Honeybees and Monarch Butterflies

 

This 1274th Buffalo Sunday News column was first published on August 23, 2015.

 

At our neighborhood block party last week a honeybee tried to share the picnic supper at our table. While everyone else was trying to wave it off, I welcomed this visitor as it was one of the few I have seen this summer.

 

With regard to wildlife I am a confirmed chauvinist: I support native fauna and flora and generally decry the introduction of alien species. Outsiders almost always cause problems: witness starlings and house sparrows, feral hogs and cats, emerald ash borers and hemlock woolly adelgids and, yes, us. Native Americans can certainly confirm this last.

 

But I accept the honeybee as a wonderful exception to this attitude. This species was brought to North America by early colonists, the first variety in 1622. Those northern European bees were almost as mean-spirited as the so-called African bees that have now spread to our southern states, but they were soon displaced by gentler bees brought from Italy.

 

Despite their reputation as ready stingers, I consider bees the least of our worries. Unless you are allergic, their sting represents a temporary shock, a bit like the shock I used to get from elementary school teachers when my acting up brought an immediate response. I even have a friend who visits an unconventional healer weekly for a bee sting that she is convinced controls her arthritis.

 

Without these bees, we would be in serious trouble. The list of fruit, vegetable and nut products that are dependent on pollination by bees and other insects is long. It includes everything from blueberries, squash and almonds to chocolate and coffee. The data suggests that two out of every three bites of the food we eat is dependent directly or indirectly on honeybee pollination. The colonists knew what they were doing when they brought them.

 

Unfortunately, bee numbers are way down. Always beset with mites, they now face what has been called colony collapse disorder: bees leave their hive to forage and for some unknown reason fail to find their way back. While the jury is still out on the source of this new problem, many apiarists blame this on the very agribusiness that the bees serve.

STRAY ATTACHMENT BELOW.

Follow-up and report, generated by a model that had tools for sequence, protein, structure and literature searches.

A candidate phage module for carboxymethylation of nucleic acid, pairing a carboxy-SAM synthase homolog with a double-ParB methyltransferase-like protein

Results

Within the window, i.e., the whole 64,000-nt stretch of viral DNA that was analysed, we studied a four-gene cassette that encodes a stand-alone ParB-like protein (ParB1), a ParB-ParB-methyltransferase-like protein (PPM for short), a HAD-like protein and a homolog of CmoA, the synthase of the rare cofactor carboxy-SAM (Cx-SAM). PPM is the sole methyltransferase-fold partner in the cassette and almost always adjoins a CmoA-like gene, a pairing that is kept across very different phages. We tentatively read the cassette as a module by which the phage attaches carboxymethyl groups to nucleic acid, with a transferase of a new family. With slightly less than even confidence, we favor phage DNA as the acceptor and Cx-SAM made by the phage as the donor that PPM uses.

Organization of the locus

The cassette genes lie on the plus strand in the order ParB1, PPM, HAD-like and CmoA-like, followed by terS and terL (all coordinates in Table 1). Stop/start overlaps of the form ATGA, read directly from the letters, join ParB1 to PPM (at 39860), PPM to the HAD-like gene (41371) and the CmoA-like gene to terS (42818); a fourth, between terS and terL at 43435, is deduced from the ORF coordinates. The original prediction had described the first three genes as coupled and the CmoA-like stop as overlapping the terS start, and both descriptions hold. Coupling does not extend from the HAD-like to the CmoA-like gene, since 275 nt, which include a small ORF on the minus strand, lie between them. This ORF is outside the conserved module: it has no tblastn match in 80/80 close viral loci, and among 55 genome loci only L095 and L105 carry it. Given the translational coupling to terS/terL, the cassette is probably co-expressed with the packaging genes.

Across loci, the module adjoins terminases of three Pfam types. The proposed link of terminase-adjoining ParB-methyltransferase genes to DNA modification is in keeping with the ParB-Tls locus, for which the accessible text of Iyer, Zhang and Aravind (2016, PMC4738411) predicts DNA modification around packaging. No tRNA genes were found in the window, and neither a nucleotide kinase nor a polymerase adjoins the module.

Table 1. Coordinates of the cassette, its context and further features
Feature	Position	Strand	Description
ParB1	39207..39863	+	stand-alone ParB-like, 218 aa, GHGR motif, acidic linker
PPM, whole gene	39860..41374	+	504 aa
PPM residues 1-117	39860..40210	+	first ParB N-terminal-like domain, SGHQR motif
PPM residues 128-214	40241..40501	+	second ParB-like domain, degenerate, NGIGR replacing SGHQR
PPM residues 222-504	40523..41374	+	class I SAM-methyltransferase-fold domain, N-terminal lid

Ridding weeds from farm fields has in the past been a labor intensive task, but now food crops have been developed by genetic engineering that withstand weed killers like the systemic glyphosate of Monsanto's Roundup. The fields where these crops are grown are then drenched in the herbicide. At the same time seeds are treated with neonoctinoids that serve as insecticides.

 

Concerned scientists believe, but have not yet been able to establish, that the honeybees are seriously affected by this double-barreled attack. Whether or not honeybee problems relate to these new treatments, farm laborers have certainly been displaced. And another familiar and beloved insect is suffering.

 

Monarch butterfly populations have also crashed and that decline meshes time-wise with the introduction of these crop enhancements.

 

This beautiful bright orange butterfly species has a remarkably complex life history. Each spring they leave Mexican mountains where they have overwintered and begin a long migration north. They don't make it. Part way along they mate, lay eggs and die, but those eggs develop into a new generation. This life cycle is repeated two or three times before the final generation reaches our region. Here they go through still more generations before a final group heads south, that one making the full trip back to Mexico.

 

Those exhausting voyages are dependent on food along the way and monarchs feed on a specific family of plants: milkweeds. And those milkweeds are among the plants being eliminated over vast areas by the new herbicide program. This is surely a factor in the decline of this species, which has lost 80-90% of its population in the past decade. My own experience reflects this: I saw my first monarch of the year just last week.

 

Given this serious decline, I salute once again David and Alexis O'Donnell, who devote their summers to raising, distributing and releasing monarch butterflies, most of them from their weekend booth at the Clarence Hollow Farm Market on Main Street. Their next release will be this coming Saturday at 11:00 a.m. (Rain date the following Saturday.) I'll be joining them and I hope to see you there.-- Gerry Rising